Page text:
In statistics, the Neyman–Pearson lemma, named after Jerzy Neyman and Egon Pearson, states that when performing a hypothesis test between two point hypotheses H0: θ = θ0 and H1: θ = θ1, then the likelihood-ratio test which rejects H0 in favour of H1 when
is the most powerful test of size α for a threshold η. If the test is most powerful for all , it is said to be uniformly most powerful (UMP) for alternatives in the set .
In practice, the likelihood ratio is often used directly to construct tests — see Likelihood-ratio test. However it can also be used to suggest particular test-statistics that might be of interest or to suggest simplified tests — for this, one considers algebraic manipulation of the ratio to see if there are key statistics in it related to the size of the ratio (i.e. whether a large statistic corresponds to a small ratio or to a large one).
Define the rejection region of the null hypothesis for the NP test as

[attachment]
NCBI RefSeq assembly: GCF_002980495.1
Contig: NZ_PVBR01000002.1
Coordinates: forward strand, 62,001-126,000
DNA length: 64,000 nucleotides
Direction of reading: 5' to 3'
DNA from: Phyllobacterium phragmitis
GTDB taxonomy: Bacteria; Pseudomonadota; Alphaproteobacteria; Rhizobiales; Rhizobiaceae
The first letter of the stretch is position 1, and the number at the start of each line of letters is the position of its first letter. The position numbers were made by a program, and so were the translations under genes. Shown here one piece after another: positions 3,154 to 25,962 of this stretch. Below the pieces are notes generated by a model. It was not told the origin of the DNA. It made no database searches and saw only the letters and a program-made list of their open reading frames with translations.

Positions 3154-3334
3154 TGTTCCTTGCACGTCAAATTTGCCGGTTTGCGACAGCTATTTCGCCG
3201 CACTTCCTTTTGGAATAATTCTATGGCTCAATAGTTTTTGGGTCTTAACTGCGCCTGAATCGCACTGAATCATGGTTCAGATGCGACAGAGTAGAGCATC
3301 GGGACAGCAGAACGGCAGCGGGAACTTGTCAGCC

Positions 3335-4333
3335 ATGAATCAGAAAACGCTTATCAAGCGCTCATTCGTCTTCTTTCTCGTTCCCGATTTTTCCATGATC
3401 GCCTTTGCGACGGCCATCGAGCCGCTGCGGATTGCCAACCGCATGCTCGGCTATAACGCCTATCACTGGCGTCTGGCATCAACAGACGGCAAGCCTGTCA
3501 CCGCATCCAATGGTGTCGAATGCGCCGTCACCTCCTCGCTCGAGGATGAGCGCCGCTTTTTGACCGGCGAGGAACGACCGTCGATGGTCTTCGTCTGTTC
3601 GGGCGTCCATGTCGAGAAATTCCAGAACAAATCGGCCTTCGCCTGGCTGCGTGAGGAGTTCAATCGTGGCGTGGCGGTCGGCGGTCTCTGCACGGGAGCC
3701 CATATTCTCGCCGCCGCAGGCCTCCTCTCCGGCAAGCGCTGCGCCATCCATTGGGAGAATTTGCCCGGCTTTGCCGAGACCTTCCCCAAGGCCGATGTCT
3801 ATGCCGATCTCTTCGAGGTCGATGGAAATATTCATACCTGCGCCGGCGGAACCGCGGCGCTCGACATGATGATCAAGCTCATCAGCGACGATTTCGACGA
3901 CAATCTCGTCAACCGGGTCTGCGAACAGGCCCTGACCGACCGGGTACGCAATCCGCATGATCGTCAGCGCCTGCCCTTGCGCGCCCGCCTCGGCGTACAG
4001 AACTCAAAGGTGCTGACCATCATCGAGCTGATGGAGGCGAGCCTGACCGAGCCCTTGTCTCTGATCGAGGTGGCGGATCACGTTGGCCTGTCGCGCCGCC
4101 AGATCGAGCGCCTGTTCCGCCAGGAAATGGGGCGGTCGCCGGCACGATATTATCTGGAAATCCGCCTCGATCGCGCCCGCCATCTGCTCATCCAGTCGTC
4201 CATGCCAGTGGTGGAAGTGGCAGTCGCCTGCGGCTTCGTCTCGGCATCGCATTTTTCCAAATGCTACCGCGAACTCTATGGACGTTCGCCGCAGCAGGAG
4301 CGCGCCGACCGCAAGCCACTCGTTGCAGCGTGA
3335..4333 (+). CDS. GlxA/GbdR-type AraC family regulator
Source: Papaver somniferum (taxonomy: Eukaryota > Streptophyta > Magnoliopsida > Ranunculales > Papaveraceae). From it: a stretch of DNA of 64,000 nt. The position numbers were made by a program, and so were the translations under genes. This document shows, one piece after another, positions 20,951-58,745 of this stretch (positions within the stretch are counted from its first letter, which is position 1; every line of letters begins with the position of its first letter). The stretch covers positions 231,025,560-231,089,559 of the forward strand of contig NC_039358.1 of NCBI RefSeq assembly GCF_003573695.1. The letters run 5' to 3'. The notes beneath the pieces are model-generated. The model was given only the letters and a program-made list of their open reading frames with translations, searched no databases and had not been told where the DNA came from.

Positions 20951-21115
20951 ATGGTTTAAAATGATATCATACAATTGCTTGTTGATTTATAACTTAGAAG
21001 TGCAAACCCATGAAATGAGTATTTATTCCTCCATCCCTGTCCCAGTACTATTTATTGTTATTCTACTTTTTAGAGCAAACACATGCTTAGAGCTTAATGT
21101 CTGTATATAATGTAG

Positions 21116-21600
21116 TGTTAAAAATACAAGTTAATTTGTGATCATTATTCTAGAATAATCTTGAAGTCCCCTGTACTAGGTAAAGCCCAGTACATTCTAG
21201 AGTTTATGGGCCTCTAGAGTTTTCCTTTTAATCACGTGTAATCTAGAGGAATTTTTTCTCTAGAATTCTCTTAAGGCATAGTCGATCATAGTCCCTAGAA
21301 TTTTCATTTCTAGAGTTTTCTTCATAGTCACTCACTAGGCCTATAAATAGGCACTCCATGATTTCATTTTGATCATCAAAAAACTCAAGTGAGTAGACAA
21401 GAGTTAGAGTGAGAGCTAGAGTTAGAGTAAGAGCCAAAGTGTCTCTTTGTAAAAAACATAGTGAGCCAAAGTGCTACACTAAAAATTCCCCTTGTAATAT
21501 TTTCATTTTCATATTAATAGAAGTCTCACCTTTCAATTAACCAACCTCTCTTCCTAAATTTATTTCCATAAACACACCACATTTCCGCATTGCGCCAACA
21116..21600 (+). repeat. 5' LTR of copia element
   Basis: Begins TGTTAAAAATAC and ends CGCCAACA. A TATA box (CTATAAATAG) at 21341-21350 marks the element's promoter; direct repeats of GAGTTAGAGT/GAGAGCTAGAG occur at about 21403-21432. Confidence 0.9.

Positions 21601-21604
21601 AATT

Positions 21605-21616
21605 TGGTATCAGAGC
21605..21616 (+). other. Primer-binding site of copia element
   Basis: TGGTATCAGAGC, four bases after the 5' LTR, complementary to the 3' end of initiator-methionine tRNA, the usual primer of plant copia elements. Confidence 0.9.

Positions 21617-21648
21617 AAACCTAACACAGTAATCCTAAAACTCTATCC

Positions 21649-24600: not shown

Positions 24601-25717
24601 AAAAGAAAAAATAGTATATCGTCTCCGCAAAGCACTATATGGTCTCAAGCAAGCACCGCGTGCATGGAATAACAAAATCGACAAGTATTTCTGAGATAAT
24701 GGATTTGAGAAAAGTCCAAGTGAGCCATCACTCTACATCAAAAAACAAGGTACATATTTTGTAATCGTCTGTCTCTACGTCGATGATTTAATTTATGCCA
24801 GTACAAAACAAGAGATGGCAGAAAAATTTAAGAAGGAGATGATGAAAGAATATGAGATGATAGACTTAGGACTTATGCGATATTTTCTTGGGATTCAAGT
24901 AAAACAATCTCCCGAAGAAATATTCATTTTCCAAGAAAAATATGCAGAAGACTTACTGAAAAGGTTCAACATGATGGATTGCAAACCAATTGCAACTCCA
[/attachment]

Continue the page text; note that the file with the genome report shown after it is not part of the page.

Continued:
Any other test will have a different rejection region that we define as . Furthermore, define the probability of the data falling in region R, given parameter as
For both tests to have size , it must be true that
It will be useful to break these down into integrals over distinct regions:
Setting and equating the above two expression yields that
Comparing the powers of the two tests, and , one can see that
Now by the definition of ,
Hence the inequality holds.
Let be a random sample from the distribution where the mean is known, and suppose that we wish to test for against . The likelihood for this set of normally distributed data is
We can compute the likelihood ratio to find the key statistic in this test and its effect on the test's outcome:
This ratio only depends on the data through . Therefore, by the Neyman–Pearson lemma, the most powerful test of this type of hypothesis for this data will depend only on . Also, by inspection, we can see that if , then is a decreasing function of . So we should reject if is sufficiently large. The rejection threshold depends on the size of the test. In this example, the test statistic can be shown to be a scaled Chi-square distributed random variable and an exact critical value can be obtained.
- Cosma Shalizi, a professor of statistics at Carnegie Mellon University, gives an intuitive derivation of the Neyman–Pearson Lemma using ideas from economics